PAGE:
You will study the care of your specific client/patient group with a range of healthcare needs within appropriate work-based settings. Your award will reflect your professional registration. You can choose a range of modules that will enhance your knowledge and skills and build on the compulsory modules that explore contemporary knowledge and skills and prepare you for your research project.
You can choose from a wide selection of 15-credit module practice development topics in order to personalise your degree course. Modules include the management of diabetes, tissue viability, pain management or linked modules in specialist areas such as opthalmic care or ear, nose and throat management.
You may be a children’s nurse extending your skills in children’s surgery or ambulatory care, a midwife with an interest in critical care skills, or a mental health nurse with a specific role in dual diagnosis. Some of your patients may have acute illnesses, others may have more long-term needs. You will have a wide choice of areas in which to take your modules from assessment skills to health promotion and education. Course modules range from perspectives of acute care, to caring within the community environment
The course for all aspects of study is 120 level-3 credits. This is divided between four ‘own choice’ optional 15-credit modules, one compulsory 15-credit module in contemporary knowledge, a compulsory 15-credit module in preparation for research, and a final 30-credit project linked to your practice. The course facilitates learning within practice and draws on your existing knowledge and skills. Some modules allow you to develop your skills in care settings while supervised by expert role models. Others can be fitted around work activity.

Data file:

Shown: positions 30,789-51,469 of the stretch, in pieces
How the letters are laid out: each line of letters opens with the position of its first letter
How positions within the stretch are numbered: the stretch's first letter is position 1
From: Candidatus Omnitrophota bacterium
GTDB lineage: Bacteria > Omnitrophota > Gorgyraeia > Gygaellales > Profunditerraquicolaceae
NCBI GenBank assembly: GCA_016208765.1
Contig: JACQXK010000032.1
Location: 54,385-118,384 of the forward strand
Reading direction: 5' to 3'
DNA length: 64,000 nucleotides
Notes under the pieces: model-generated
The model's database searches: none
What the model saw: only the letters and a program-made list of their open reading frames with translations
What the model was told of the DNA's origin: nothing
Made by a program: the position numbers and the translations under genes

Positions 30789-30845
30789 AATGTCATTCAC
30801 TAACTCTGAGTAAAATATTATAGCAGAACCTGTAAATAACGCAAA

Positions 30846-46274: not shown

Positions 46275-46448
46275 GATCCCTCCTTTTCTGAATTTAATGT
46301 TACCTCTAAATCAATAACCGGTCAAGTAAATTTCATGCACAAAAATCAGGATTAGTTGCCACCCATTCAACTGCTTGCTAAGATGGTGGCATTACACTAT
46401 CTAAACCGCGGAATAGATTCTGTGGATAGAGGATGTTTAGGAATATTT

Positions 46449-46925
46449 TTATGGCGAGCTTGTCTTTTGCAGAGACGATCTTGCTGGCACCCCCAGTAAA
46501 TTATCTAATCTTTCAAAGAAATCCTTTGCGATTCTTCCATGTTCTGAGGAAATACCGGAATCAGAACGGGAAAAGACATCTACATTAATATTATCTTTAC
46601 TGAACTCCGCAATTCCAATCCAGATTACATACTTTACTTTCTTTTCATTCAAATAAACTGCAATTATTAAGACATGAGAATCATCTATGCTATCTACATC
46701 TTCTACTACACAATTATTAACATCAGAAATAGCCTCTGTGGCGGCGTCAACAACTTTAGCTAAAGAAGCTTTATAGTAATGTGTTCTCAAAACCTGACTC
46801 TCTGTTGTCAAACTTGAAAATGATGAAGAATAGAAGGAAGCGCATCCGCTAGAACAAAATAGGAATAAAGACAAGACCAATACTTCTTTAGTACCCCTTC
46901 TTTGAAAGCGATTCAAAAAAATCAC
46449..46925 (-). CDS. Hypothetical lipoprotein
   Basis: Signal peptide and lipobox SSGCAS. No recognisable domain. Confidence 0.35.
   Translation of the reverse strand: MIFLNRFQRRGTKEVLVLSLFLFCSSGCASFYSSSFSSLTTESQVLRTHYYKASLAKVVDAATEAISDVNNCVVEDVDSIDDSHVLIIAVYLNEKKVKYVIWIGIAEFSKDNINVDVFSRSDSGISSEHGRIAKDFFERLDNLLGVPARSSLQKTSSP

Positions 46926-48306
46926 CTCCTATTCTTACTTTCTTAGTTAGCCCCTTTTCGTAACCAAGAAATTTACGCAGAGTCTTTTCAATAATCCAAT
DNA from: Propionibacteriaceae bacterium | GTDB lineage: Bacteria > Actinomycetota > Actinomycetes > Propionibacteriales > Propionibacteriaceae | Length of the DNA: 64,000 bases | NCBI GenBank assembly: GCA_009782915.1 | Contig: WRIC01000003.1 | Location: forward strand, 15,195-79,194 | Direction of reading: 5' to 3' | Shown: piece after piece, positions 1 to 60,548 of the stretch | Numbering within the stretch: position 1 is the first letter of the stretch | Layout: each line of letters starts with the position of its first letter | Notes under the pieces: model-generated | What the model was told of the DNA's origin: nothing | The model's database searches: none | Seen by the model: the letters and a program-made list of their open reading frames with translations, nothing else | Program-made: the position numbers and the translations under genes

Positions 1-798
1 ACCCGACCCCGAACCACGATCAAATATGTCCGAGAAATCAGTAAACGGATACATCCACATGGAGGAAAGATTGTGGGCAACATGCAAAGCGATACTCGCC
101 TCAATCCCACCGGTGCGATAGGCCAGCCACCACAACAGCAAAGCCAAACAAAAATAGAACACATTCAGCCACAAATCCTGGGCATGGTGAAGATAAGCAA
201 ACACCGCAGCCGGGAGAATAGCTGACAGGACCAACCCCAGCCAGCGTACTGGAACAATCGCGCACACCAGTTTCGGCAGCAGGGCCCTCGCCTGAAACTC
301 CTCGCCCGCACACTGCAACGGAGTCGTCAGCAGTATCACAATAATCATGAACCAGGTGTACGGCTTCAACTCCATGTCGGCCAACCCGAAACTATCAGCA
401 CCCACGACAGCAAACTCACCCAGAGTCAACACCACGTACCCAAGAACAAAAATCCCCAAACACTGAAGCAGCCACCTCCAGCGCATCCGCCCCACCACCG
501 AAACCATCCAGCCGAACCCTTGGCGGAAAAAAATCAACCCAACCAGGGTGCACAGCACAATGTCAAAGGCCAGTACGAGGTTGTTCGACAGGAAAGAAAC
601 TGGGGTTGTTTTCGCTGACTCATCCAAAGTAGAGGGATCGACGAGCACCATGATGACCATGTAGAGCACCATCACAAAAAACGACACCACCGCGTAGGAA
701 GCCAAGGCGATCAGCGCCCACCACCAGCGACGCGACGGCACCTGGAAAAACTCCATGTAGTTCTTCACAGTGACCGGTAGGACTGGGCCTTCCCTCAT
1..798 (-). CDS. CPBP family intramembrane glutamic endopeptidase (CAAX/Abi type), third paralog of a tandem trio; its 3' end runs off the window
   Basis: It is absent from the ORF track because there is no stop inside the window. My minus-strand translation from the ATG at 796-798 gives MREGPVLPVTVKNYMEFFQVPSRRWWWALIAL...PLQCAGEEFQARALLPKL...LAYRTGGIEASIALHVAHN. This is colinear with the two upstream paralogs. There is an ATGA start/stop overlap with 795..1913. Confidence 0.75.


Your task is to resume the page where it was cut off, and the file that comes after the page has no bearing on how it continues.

Modular study is flexible and you can build your professional development to meet the NHS KSF requirements of your role. You can begin your studies at the start of any term. You select from a range of modules that provide you with the knowledge and skills you need to enhance your career and make a difference in practice. These include applied biological sciences, sociology, psychology, management and leadership, ethics and research
Teaching and assessment
Assessments are varied to meet the practice and academic challenges of a degree programme, while recognising the need for motivating, realistic and relevant activity. Some modules use practice-based assessments, others use Objective Structured Clinical Examinations and scenarios. Some modules are assessed through essays or seminars. You will have a module leader and a personal tutor for support and guidance. Once you start to prepare for your research project you will also have a research supervisor, skilled in your particular discipline.